Column: Reexamining a ‘beneficial relationship’

With the ongoing discourse on mutually beneficial relationships between the United States and foreign nations, I find it fitting to throw in my two cents on the matter. I, for one, wholeheartedly support the continuation of a mutually beneficial relationship with the Jewish state of Israel.

The largest recipient of U.S. foreign aid in the world, Israel has received a mere $90 billion in military and economic aid since its founding. The nearly $10 million a day of American taxpayers’ money that have gone to Israel exceed those sent to the nations of sub-Saharan Africa, Latin America and the Caribbean combined, with their collective population of 1.054 billion.

Our relationship with Israel has given us the concept of leaving the emergency lights on D.C. Metropolitan Police cruisers on, and in this nation similarly stricken with almost ceaseless urban terrorism, it is difficult to overestimate the impact of such ingenuity. They have also given us the pop music styling of international singer-sensation, Ishtar. Their dual-citizens make full use of our political freedoms to establish themselves as America’s second most powerful political lobby, according to Fortune magazine.

Certainly, as all this demonstrates, this relationship can extend beyond the unilateral offering of economic and military support into more everyday elements and ideas transmitted to the United States. After all, as the only democracy in the Middle East, surely Israel’s policies are compatible enough to warrant their application here in the States.

Of course, there is the minor issue of our outdated Constitution standing in the way of a truly compatible system. Their confiscation of land and fatal attacks on Palestinians by army soldiers and settlers undermine our Fifth Amendment, and despite their high court’s ban, Shin Bet’s ongoing practice of torture violates Amendments four, five, six and eight. Both their bulldozing of Palestinian homes (2,650 homes between September 2000 and March 2003 alone) and policies of administrative detention violate Fourth, Eighth and Sixth Amendments. Israel’s policies may pose an issue on this front, but judging by the gradual movement of this country toward gun control, violation of civil liberties and due process, tip-toeing around the U.S. Constitution may not pose an issue after all.

We Americans tolerated racial segregation for the first 200 years of our own existence as a nation. But Israel is merely on year 55, and we cannot reasonably expect all nations to develop simultaneously. The network of Jewish only “bypass roads” in the West Bank and Gaza Strip, as well as segregated neighborhoods within Israel Proper take “separate but equal” to its limits. Their ubiquitous alienation of their 1.2 million Arab Israeli citizens is compatible with our own past alienation of minorities, especially now that Israelis have been barred from running “Jews only” job ads since 1988, some 20 years after the last “Whites only” signs existed here in America.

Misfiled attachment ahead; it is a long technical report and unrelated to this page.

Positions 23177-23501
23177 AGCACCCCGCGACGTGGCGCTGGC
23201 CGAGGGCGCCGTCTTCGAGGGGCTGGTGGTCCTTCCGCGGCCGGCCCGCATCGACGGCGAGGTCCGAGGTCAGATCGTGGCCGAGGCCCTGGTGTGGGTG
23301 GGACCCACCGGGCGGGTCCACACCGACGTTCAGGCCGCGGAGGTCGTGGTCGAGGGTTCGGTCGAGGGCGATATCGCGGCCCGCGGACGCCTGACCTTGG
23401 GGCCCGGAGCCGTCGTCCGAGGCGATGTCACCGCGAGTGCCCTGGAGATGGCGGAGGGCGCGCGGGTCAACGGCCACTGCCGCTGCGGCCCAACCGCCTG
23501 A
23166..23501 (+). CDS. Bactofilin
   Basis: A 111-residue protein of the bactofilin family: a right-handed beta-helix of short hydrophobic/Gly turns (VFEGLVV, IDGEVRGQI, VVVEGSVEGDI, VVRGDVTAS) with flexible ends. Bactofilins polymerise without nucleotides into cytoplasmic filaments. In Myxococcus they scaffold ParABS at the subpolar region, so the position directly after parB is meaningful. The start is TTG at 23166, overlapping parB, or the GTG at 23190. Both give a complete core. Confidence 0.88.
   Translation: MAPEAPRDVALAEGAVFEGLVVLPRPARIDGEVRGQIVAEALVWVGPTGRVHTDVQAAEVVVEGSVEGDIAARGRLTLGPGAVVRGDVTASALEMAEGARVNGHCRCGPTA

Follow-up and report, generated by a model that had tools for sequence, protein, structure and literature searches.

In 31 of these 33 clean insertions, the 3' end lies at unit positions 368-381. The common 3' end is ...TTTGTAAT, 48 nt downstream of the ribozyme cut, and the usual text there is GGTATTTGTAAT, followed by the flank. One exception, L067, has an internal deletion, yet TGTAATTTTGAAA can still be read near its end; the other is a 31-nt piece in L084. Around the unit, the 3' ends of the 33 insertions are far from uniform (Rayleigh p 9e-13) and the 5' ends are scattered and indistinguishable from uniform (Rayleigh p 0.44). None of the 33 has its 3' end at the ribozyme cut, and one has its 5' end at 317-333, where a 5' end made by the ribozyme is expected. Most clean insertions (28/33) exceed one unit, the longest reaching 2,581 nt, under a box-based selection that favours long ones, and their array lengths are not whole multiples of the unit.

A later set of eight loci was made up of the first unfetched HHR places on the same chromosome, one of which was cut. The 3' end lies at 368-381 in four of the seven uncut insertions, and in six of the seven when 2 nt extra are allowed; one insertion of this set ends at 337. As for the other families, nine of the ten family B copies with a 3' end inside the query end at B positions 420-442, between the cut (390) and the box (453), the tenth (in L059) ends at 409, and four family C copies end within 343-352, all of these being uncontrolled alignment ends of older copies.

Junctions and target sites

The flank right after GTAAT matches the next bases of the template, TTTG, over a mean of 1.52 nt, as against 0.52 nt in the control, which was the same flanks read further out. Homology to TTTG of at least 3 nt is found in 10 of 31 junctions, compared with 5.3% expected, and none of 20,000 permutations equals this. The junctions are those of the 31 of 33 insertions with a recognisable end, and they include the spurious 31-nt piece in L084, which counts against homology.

Upon closer examination, it may be that Israel indeed lacks the ability to transmit back to us anywhere near what the United States bestows upon it, in tune with a conventional “mutually beneficial relationship.” In fact, Israeli use of American arms and funds to occupy Arab lands has alienated the United States not only from the 200 million Arabs in the Middle East, but also from our European allies and the international community. This is reflected in over 65 United Nations resolutions condemning Israel’s policies since 1955 and the fact that Israel was protected from 29 United Nations Security Council resolutions that have been vetoed by the United States. All this in addition to the spreading anti-American violence and terrorist attacks that claim the Palestinian issue as their motivation, as well as the mounting costs to American companies of Arab boycotts launched in reaction to U.S. support of Israel.

Frustratingly eminent, however, is that this American debate on mutual benefits is futile in its entirety, for our counterpart in the relationship maintains its own ideas on the subject. As Israeli Prime Minister Ariel Sharon explained to Shimon Peres, according to several Palestinian news sources, on Oct. 3, 2001, as reported on Kol Yisrael radio, “I want to tell you something very clear: don’t worry about American pressure on Israel. We, the Jewish people, control America and the Americans know it.”

Perhaps instead of strengthening a blind asymmetrical relationship that threatens American interests and violates American values, placing instrumental conditions on our support of Israel may actually allow their government to deal rationally with its neighbors and pursue policies of peace, not war. That I believe will facilitate American feelings of security far better than flashing emergency lights.
-The writer, president of the Islamic Alliance for Justice, is a junior majoring international business.

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